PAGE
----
Climb Every Mountain

Don’t worry, I’m not going to break into the wonderful song from the Sound of Music, but I am going to talk about “the mountain”.

We’ve been talking about the role every leader plays in being a CHEERLEADER. This is an important role in every team and in every organization. You, as the leader, have the opportunity to set a tone of affirmation, of encouragement and of support. When you spend time cheering your team members forward, they will accomplish the tasks you place before them, and they’ll often do more than you or they ever dreamed was possible!

I want to share 2 “cheerleading” experiences I’ve had in my life. I’ve had many, but these 2 stand out, and this is where the mountain comes in.

I was 11-years old, and my father and I, along with others from our scouting group, decided to climb Mt. Whitney. This mountain stands 14,505 feet high and is the highest peak in the contiguous United States. For an 11-year old, this was a major undertaking. I started off strong, but the higher we went on the mountain, I ran out of steam. I remember many times wanting to quit, but then my dad turned into a cheerleader. He began coaching me, challenging me, encouraging me, talking to me. He would say, “take 20 steps and then take a break”. I have no idea how I made it up all of the switchbacks, but we made it, step by step, and we celebrated at the top of the mountain. I ran most of the way down, and it wasn’t until years later that I realized that my dad had “coached” me up that mountain. He didn’t shame me, he didn’t carry me, he just walked with me and challenged me to not give up.

30 years later, I chose to climb another mountain. I was living in Ecuador at the time, and Cotopaxi was a 19,347 foot volcano that I saw almost every day, and I determined to climb it, so I asked my friend and guide, Rich Borman, to help me get to the Summit. The night we climbed, the weather was horrible. I had complained about the oxygen level 14,000 feet, I don’t think there was any oxygen at 18,000 feet. This was a tough climb, especially in bad weather. At one point, Rick asked me if I wanted to turn back, and I simply responded, “if I turn back now, I’ll never do this again.”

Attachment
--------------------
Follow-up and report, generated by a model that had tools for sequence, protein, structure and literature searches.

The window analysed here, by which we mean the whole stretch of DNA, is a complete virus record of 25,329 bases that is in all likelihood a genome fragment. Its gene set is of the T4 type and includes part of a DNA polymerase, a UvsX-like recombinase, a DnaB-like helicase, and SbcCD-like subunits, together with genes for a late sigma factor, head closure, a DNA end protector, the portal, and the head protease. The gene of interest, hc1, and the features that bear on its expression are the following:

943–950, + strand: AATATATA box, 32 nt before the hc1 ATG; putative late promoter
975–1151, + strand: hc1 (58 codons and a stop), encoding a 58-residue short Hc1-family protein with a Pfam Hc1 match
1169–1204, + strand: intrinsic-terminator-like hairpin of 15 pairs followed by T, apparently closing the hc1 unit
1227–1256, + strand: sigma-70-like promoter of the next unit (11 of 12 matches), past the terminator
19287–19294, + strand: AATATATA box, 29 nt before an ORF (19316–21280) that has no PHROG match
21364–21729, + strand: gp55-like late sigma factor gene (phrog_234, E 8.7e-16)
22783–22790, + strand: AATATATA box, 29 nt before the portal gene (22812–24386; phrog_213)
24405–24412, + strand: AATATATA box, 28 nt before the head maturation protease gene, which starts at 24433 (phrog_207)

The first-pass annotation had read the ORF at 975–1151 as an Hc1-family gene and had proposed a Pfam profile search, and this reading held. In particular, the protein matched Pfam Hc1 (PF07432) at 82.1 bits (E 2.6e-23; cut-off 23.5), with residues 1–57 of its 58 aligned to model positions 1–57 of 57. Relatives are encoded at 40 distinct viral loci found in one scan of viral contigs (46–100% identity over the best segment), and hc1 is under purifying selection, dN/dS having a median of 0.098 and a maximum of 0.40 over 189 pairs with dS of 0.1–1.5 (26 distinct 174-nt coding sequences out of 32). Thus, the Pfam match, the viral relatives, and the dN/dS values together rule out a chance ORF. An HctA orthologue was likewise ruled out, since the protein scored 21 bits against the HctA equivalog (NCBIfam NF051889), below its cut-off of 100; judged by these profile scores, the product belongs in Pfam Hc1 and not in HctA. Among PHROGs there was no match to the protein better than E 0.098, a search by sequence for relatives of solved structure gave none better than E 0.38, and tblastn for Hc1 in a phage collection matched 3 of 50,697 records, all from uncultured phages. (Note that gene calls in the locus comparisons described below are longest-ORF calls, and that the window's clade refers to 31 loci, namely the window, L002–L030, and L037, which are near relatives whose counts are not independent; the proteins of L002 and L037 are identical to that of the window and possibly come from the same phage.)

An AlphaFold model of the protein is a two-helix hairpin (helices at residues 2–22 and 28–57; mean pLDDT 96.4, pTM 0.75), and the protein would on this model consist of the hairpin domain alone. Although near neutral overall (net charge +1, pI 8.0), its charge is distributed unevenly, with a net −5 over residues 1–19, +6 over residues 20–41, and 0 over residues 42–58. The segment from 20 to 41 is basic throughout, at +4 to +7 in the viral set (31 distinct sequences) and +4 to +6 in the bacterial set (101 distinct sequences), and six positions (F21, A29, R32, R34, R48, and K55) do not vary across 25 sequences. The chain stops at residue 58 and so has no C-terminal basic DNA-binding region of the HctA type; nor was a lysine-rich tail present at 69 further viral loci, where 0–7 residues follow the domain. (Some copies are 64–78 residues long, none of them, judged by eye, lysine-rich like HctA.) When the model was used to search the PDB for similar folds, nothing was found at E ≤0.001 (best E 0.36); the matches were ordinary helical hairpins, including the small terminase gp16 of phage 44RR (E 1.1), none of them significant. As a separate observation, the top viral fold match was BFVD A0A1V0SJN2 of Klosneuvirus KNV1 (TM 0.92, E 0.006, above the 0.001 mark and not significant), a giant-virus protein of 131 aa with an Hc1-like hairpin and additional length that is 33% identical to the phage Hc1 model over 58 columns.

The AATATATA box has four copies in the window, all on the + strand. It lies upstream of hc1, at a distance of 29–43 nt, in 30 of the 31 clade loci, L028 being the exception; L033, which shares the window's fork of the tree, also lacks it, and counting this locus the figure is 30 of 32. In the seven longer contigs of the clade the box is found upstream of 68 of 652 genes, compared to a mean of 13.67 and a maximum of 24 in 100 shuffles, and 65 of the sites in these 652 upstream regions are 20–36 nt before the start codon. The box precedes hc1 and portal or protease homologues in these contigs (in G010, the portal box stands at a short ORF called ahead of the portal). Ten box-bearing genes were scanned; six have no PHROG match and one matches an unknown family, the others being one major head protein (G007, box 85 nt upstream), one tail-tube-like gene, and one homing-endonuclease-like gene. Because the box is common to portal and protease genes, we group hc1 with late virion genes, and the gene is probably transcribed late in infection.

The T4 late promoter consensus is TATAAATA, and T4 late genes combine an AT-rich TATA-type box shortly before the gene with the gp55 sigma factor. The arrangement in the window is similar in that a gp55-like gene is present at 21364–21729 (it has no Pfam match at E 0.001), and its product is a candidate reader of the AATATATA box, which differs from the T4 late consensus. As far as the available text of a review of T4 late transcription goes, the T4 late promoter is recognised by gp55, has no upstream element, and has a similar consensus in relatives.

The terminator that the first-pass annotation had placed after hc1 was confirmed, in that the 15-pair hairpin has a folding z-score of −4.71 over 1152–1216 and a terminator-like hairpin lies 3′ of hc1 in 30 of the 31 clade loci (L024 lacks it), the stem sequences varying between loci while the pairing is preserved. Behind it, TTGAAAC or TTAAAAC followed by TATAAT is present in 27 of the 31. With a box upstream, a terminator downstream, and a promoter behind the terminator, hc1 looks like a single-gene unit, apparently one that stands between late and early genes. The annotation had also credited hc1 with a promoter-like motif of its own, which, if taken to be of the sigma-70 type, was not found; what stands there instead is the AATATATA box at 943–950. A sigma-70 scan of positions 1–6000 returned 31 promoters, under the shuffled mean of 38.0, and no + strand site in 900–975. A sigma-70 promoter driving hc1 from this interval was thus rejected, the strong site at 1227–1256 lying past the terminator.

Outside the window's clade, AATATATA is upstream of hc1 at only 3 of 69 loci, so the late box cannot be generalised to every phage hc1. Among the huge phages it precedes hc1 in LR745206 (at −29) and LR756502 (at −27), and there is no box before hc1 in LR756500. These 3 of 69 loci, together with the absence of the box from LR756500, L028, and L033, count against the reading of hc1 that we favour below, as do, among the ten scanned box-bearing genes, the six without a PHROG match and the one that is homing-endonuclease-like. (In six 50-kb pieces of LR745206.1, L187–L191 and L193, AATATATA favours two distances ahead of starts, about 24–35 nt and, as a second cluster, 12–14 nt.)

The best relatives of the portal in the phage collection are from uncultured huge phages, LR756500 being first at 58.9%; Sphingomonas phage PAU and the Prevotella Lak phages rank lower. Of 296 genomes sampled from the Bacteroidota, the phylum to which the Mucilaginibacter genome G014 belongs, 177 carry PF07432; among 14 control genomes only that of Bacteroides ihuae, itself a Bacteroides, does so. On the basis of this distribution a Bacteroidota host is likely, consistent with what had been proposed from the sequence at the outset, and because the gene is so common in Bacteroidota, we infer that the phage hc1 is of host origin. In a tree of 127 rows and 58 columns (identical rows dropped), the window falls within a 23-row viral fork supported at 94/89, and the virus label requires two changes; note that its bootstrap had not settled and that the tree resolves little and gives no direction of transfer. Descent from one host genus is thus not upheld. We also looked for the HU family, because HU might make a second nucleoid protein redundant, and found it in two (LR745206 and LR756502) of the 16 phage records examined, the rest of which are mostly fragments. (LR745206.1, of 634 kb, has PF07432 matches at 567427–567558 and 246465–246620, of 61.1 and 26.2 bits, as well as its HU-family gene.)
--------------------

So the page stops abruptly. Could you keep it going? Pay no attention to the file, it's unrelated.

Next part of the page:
Rick took that as a challenge, and for the next 7 hours, he “coached” me to the top, along with another friend, Leonard. We took short steps, we took breaks, and we made it to the summit. The weather was so bad that I didn’t get to enjoy the victory because we needed to get off the mountain. Rick was my cheerleader that night, and because of his patience and perseverance, I was able to accomplish something that I never could have done on my own.

Think about the power of cheerleaders in your life. Who has been walking with you, encouraging you, helping you reach new heights?

Thing about your role as a cheerleader: Who are you encouraging and walking with?

We all need people to help us get where we’re going!

Hebrews 10:24 says this: “And let us consider how to stir up one another to love and good works.”

I like how The Message puts it, “Let’s see how inventive we can be in encouraging love and helping out…”

As leaders, we need to have cheerleaders in our lives and we need to be cheerleaders for others.

Thanks Dad and Rick for being my cheerleader, not just on the mountain, but in my life!


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